I then crossed over the Art Bridge and the Bridge of Civilization, which contains statues of individuals that contributed to the arts and the culture of Macedonia throughout history.

Art Bridge
Art Bridge

Within this area are also the Ministry of Foreign Affairs, Archaeological Museum of Macedonia, Independent Macedonia Colonnade, Macedonia Philharmony, Macedonia Opera house and Mother Teresa Square.

Archaeological Museum of Northern Macedonia
Macedonia Opera and Ballet

There were hardly any tourists around, so it was easy to get some great shots of these brand new yet old-looking buildings. I didn’t mind that this, as the approach the government is taking does add character to the city. As a traveler, it makes me want to go around and see everything as it all catches your eye.

My final stop for the day took me south of the river, where I walked down the main shopping strip, Macedonia Street, where I visited the Memorial House of Mother Teresa.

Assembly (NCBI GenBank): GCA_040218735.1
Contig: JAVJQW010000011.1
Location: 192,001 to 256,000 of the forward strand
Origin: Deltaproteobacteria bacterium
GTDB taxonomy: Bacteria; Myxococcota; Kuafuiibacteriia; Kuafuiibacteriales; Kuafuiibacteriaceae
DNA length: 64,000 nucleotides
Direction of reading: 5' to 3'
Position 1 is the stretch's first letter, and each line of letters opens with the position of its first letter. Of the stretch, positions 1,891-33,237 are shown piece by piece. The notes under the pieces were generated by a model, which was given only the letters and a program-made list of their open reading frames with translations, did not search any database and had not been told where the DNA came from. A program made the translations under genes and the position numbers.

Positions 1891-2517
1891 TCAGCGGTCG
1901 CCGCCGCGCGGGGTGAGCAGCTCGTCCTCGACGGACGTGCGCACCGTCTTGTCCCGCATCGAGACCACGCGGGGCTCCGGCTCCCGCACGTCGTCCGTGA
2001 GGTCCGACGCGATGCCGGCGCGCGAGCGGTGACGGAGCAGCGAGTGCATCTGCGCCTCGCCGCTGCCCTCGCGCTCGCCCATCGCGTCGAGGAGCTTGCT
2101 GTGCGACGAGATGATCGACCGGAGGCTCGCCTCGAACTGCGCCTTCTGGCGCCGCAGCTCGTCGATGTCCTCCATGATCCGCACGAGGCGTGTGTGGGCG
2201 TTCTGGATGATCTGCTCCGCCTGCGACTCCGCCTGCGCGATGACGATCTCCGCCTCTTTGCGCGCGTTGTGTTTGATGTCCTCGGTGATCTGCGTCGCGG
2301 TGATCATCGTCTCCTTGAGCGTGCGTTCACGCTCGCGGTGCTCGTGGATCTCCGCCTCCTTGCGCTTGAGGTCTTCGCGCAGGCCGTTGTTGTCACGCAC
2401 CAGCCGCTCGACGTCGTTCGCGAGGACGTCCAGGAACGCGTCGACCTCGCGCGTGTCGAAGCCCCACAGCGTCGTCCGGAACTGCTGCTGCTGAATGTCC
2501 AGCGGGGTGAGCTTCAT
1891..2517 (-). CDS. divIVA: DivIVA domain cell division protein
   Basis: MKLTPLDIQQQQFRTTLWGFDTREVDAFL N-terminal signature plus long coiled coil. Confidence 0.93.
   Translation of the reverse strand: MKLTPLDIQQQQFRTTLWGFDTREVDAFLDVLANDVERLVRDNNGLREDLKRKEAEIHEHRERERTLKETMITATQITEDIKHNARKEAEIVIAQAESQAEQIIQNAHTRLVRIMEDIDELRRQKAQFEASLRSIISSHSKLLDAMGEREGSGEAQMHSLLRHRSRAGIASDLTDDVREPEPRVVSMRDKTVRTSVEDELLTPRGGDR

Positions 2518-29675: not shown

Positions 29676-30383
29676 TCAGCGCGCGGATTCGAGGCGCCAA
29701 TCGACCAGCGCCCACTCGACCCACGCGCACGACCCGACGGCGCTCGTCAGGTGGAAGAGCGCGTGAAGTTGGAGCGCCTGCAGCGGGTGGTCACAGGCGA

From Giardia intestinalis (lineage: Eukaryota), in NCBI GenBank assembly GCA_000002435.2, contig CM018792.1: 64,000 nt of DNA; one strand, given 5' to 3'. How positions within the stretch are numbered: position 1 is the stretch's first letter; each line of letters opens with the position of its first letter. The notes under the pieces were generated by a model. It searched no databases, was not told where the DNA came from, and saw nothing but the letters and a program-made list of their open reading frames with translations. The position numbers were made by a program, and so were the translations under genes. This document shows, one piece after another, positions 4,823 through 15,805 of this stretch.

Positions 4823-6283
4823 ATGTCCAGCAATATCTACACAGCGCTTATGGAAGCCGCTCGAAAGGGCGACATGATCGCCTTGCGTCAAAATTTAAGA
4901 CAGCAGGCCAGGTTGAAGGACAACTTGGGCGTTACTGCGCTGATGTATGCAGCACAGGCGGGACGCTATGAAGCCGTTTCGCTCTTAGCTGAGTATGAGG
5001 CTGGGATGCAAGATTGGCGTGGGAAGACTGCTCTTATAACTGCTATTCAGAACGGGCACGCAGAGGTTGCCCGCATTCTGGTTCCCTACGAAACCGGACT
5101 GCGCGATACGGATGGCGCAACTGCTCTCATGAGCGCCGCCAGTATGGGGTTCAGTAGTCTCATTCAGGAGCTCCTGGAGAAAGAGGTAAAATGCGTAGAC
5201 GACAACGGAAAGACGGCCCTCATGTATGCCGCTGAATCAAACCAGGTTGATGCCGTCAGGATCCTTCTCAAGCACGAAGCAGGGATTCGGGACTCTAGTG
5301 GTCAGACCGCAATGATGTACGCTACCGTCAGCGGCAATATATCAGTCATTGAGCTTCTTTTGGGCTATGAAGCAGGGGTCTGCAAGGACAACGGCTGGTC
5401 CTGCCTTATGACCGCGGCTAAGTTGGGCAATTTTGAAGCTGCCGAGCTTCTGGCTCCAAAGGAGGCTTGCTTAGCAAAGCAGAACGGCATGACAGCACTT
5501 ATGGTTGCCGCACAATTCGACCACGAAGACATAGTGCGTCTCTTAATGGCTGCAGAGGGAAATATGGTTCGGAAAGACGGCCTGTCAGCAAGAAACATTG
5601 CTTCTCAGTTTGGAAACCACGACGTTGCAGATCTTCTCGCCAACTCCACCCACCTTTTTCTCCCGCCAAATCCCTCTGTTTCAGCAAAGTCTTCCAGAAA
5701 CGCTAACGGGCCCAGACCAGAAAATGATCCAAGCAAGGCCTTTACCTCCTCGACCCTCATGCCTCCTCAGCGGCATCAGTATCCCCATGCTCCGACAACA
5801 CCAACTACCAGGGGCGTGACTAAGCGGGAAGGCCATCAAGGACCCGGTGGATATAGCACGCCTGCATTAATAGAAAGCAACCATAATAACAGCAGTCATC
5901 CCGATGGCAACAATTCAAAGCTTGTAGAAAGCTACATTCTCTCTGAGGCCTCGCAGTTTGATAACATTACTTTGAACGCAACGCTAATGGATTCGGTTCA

Memorial House of Mother Teresa

There are so many sights in memory of her within the city as she was one of the most influential, caring individuals who did so much for mankind.

Mother Teresa

It was finally dinner time, and I was keen to head to the Old Bazaar to try some traditional food at a local recommended restaurant known as Destan. Sitting outside with some Kepapi, Burek and a Skopsko Beer really was a perfect way to end my first day in Skopje.

Now my second day in Skopje wasn’t actually the next day. I had taken a bus up to Kosovo for a couple of days and eventually returned to Skopje to finish off exploring the city (Check out my blog next week to read about my adventures in Pristina and Prizren in Kosovo).

When I returned the weather had turned for the worst. Rain was pelting down heavily and there was a lightning storm right over the city. My little umbrella stood no chance, so I literally had to wait under a bus shelter for a break in the storm so I could get back to my new hotel (Hotel Elsa, one of the best hotels I have stayed in and I only paid £30 for a night).